Components of Olfactory Pathway

  1. Olfactory receptors (neuroreceptors) present in specialized area of nasal mucosa and olfactory nerves.
  2. Two orders of neurons.
  3. Olfactory area of cerebral cortex present in temporal lobe.
Olfactory receptors and olfactory nerve
End organs or receptors for olfactory pathway are specialized neurons present in specialized area of mucous membrane of nasal cavity called olfactory epithelium.
Olfactory epithelium
This epithelium lines uppermost part mucous membrane of nasal cavity which is:
  1. Uppermost part of lateral wall of nose along with sphenoethmoidal recess above the level of superior nasal concha.
  2. Uppermost part of nasal septum (medial wall of nose), which is formed by perpendicular plate of ethmoid bone.
  3. Roof of the nose between above mentioned lateral and medial walls.
Cells of olfactory epithelium:
  1. Receptor cells: Which are specialized bipolar neurons.
  2. Supporting cells: These are tall columnar interstitial cells which intervenes between receptor cells having supportive function.
  3. Basal cells: These are shorter cells resting on basement membrane intermingled with other cells. Basal cells are progenitor cells concerned with replacement (renewal) of receptor cells.

Olfactory receptor cells are specialized bipolar neurons scattered among supporting cells. Peripheral processes of these bipolar cells are wider and extend to the surface of nasal mucous membrane. Form the end of peripheral process, a number of short cilia arise which project into the mucus covering olfactory mucous membrane. These are called olfactory hairs. These projecting olfactory hairs react to odors of inhaled air and stimulates olfactory receptor cells.
Central processes of olfactory receptors are finer which form olfactory nerve fibers. These finer fibers aggregate to form 20 bunches. These are nonmyelinated. These 20 bunches of finer nonmyelinated fibers form olfactory nerves. It is clear therefore, unlike other cranial nerve, in each side, olfactory nerve is multiple in number.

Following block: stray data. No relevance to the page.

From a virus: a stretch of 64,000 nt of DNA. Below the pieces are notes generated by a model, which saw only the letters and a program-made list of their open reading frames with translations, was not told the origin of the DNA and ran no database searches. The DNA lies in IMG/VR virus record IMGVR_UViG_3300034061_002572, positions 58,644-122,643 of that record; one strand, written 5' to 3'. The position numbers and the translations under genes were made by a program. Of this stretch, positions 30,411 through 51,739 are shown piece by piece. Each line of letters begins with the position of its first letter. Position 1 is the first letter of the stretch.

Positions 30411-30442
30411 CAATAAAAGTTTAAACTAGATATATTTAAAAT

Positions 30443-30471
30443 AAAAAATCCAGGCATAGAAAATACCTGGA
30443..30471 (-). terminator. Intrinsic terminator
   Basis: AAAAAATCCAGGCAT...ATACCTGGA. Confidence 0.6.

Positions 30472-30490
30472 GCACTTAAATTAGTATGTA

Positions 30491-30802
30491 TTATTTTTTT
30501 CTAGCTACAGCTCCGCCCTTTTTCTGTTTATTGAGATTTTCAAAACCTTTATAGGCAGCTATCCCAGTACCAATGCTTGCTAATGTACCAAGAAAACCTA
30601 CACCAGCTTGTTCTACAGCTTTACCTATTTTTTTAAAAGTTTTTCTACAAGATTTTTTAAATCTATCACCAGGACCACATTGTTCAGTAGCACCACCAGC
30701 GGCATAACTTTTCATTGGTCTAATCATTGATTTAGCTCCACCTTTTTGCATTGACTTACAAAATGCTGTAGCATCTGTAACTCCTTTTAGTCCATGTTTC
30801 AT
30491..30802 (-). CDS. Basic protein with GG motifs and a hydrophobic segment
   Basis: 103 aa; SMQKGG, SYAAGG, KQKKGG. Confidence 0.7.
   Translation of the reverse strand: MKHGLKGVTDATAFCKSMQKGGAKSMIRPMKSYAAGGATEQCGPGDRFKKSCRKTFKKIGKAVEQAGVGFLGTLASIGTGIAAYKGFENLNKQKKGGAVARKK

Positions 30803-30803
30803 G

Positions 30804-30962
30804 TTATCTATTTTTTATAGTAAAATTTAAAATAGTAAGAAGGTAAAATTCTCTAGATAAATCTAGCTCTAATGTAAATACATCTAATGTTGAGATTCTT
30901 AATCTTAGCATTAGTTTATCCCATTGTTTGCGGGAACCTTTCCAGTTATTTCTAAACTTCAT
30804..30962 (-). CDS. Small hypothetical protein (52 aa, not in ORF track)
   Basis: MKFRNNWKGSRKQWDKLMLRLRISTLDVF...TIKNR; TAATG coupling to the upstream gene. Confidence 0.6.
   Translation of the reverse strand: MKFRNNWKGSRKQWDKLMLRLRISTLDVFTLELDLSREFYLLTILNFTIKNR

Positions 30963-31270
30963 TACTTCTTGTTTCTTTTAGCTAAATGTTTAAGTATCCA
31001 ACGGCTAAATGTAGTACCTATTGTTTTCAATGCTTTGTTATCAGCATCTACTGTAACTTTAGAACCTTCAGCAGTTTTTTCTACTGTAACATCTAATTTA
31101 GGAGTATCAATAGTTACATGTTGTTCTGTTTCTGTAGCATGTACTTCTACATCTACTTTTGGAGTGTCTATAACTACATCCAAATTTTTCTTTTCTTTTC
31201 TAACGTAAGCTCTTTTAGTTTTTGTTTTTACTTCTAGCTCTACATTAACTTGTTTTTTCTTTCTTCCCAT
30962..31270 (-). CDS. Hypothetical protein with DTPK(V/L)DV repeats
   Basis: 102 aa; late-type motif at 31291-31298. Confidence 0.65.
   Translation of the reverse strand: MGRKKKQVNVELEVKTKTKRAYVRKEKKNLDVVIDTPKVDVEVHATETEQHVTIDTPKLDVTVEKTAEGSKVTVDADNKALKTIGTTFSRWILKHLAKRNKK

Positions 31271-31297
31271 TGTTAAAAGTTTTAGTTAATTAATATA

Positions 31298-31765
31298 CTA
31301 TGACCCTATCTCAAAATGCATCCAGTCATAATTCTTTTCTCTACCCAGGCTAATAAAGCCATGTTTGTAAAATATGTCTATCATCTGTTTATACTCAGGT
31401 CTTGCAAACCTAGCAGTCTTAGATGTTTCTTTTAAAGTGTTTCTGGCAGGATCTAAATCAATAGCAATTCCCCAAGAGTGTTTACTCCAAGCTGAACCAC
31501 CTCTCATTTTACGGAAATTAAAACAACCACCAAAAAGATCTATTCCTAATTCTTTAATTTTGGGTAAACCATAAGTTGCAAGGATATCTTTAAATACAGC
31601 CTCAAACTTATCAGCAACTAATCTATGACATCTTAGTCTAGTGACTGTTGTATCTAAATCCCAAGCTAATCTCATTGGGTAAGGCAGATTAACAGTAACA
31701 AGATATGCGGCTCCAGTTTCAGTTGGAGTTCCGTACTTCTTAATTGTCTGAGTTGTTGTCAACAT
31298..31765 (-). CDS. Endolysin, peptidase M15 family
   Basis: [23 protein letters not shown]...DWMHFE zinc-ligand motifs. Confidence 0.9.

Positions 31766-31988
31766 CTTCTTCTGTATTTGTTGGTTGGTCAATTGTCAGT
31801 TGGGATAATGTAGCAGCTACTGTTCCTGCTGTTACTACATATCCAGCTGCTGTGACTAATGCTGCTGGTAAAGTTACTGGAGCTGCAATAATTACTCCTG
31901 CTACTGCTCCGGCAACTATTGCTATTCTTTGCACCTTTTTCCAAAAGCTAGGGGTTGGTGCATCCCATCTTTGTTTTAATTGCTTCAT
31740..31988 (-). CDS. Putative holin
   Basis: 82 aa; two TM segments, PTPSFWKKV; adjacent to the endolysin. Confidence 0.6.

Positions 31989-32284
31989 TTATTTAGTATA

First order of neurons
Bunch of olfactory nerve, the central processes of olfactory receptor cells, pass upwards from roof nose through foramina in cribriform plate of ethmoid bone to reach anterior cranial fossa. Reaching anterior cranial fossa, olfactory nerves terminate in first order of neurons of olfactory pathway which are present inside an ovoid flattened structure lodged on orbital surface of frontal lobe of cerebrum. It is called olfactory bulb. Neurons present inside olfactory bulb are of following types.
  • Mitral cells
  • Tufted cells
  • Granule (Stellate) cells.

Mitral cells are largest cells in olfactory bulb. Incoming fibers of olfactory nerve form synaptic connections with mitral cells. These synaptic junctions also receive connection from tufted cells and granule cells. Junctional areas of these cells with olfactory nerve ending are known as glomeruli. Axons of these cells, within olfactory bulb, which are 1st order of neurons, pass backward to be continued as olfactory tract.
n Olfactory tract: It is a narrow and flat band of white matter extending from olfactory bulb to run backwards along olfactory sulcus on orbital surface of frontal lobe of cerebrum. Olfactory tract passes backward upto anterior perforated substance of base of the brain where it divides in an angular fashion into lateral and medial olfactory striae. Anterior perforated substance is embrassed anterolaterally and anteromedially by lateral and medial olfactory striae. The two straie form olfactory trigone.
Medial olfactory stria carries axons from cells of olfactory bulb which cross the midline as a component of anterior commissure to pass to olfactory bulb of opposite side. Lateral olfactory stria carries axons of 1st order of neurons present in olfactory bulb to the primary olfactory area beyond anterior perforated substance.
Intermediate olfactory stria is a short band of fibers, being occasionally present, passes from the angle of olfactory trigone to a small elevation on anterior perforated substance which is called olfactory tubercle.

Source: Easy and Interesting Approach to Human Neuroanatomy (Clinically Oriented) (2014)